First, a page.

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The Surrender of Liberty in the Name of Security

The Surrender of Liberty in the Name of Security 

QUESTION: It seems that as we get closer to a change-over of economic systems that as a society we are more willing to give up our rights to the State. Is that part of a pattern during these types of events? Was it seen as Britain, Rome, and other countries lost power after their peaks?

ANSWER: Unfortunately, the trend first materializes when people need the government to protect them usually from an external force. The British used this tactic against both the French and the American colonists. That prompted Ben Franklin to comment on this trend.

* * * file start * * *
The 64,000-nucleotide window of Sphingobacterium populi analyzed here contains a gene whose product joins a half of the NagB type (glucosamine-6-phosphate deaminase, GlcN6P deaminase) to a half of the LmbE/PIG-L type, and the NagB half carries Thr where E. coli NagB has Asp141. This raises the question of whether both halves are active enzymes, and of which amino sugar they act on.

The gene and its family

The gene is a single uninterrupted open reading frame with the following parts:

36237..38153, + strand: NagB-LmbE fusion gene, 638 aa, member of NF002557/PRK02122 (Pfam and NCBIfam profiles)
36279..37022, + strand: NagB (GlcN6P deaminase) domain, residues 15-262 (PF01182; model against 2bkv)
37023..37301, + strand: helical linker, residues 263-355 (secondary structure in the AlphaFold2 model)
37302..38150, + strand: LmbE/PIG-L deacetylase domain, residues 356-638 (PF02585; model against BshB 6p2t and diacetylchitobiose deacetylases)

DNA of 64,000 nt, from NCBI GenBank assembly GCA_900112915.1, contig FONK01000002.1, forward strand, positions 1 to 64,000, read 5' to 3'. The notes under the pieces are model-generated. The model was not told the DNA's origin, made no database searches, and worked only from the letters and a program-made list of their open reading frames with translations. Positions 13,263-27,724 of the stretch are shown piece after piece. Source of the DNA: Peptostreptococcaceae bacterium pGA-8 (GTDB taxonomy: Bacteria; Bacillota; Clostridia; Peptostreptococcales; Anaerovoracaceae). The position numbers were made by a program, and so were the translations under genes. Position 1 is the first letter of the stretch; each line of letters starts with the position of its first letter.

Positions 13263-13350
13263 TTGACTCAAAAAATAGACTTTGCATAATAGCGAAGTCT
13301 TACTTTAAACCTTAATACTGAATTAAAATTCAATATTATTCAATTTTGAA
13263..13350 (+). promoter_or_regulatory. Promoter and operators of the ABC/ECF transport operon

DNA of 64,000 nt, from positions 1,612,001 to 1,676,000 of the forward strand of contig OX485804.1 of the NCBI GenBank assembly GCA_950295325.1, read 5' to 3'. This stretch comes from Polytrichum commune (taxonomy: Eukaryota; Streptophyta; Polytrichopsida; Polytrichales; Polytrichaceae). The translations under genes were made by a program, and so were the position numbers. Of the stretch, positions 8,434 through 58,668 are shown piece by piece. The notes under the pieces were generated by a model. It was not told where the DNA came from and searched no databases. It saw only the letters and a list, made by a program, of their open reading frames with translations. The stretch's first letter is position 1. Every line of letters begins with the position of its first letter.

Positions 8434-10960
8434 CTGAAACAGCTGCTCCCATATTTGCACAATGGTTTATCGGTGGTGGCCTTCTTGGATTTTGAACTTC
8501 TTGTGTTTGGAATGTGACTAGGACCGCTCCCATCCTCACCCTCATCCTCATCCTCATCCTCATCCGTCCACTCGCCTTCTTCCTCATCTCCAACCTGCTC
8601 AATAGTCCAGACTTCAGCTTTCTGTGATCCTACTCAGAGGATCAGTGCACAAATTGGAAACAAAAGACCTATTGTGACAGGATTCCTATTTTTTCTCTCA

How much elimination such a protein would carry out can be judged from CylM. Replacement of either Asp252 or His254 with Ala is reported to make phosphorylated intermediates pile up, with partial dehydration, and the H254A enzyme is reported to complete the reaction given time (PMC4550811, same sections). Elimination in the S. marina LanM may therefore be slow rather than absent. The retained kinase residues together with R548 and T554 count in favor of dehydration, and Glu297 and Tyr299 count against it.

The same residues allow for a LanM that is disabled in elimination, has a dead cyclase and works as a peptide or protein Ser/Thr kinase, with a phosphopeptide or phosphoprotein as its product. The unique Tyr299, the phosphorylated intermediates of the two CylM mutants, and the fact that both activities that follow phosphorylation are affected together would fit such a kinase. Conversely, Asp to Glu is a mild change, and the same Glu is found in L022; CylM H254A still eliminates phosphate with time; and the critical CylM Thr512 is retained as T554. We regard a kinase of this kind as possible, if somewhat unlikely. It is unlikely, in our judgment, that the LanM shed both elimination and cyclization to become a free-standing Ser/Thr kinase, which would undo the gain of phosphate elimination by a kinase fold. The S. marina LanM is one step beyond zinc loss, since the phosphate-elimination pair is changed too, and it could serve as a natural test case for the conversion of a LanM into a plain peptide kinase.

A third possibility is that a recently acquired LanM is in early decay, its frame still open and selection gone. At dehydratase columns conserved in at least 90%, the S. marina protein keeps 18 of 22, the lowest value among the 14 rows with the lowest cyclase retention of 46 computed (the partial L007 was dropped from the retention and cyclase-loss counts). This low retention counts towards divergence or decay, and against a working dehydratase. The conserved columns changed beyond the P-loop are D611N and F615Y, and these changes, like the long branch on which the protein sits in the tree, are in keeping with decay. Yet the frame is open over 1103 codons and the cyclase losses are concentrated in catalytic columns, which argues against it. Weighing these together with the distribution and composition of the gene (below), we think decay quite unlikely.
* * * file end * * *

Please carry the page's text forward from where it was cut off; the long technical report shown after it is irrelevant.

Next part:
After the 3rd Century Monetary Crisis bottomed in the Roman Empire in 268 AD, there was a surge to build a wall around Rome by Emperor Aurelian following the same pattern. Aurelian saw the corruption that led to the debasement of the currency because those minting the coins were robbing the treasury. Aurelian moved to DRAIN THE SWAMP in Rome. When Aurelian returned to Rome in 271 AD after fighting off barbarians, he had to pacify a terrified city. He immediately halted the rioting and restored order to the capital. The controller of the mint in Rome began a rebellion over the monetary reforms laid out by Aurelian. He ordered that all the debased currency be purchased back and replaced with a new currency of higher content in silver. The rebellion was led by Felicissimus.

It appears that those who had been running the mint were embezzling the intended silver and issuing the debased coinage at least in part on their own authority. Obviously, any reform to the monetary system that called for an increase in silver content would have been unprofitable for those running the mint for personal gain.

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